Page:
Hyderabad is a city with a history that reads like a love story and a past that sounds like a fairy tale. The rule of the Nizams fill pages and pages of this history with a legendary patronage of arts, architecture and science.
Testimony to this sensitivity are the many exquisite monuments of Hyderabad.One monument that in its intrinsic grandeur still exudes the power of yore is the Chowmahalla Palace. (Chow means four. And Mahal means Palace. Chow-Mahalla therefore means four palaces).
While Nizam Salabhat Jung is credited with initiating the construction of the palace complex in 1750, it was Nizam Afzar-ud-Dawla Bahadur who ensured that it was completed between 1857 and 1869.Extending from the Laad Bazaar on the north to the Aspan Chowk Road on the south, the palace originally covered 45 acres but regretably only 12 acres remain.
Southern Courtyard : A The oldest part of the complex currently under restoration, comprises of the four palaces Afzal Mahal, Mahtab Mahal, Tahniyat Mahal and Aftab Malala Of these the Aftab Mahal is the grandest of them all and is a two storied building with a European facade of Corinthian columns and a parapet without pediment.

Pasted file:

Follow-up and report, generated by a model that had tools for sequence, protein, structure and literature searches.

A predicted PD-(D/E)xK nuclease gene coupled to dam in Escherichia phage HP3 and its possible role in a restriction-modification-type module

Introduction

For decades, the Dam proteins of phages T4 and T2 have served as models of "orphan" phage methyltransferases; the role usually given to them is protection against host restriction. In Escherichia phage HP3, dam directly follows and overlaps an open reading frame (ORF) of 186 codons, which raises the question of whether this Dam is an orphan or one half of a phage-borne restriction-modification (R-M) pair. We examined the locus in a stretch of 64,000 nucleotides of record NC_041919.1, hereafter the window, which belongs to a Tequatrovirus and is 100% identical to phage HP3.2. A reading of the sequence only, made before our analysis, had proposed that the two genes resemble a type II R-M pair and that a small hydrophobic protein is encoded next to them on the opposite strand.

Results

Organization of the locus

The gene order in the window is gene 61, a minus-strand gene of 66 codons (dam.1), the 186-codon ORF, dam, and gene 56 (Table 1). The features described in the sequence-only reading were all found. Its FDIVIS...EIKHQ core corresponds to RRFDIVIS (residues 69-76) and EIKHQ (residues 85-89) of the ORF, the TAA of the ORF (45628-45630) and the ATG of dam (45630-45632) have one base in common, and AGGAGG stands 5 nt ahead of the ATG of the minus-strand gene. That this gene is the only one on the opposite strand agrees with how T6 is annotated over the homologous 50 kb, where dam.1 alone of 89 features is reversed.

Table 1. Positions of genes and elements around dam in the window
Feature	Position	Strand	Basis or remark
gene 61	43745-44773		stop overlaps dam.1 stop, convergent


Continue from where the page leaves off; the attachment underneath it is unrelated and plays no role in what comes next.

Northern Courtyard : The northern courtyard has been painstakingly restored and is now open to the public.The highlights of this area are the Bara Imam – a long corridor of rooms on the east side that once housed the administrative wing. And the Shishe-Alat or quite literally, the shishe or mirror image which was once used as guest rooms for officials accompanying visiting dignitaries.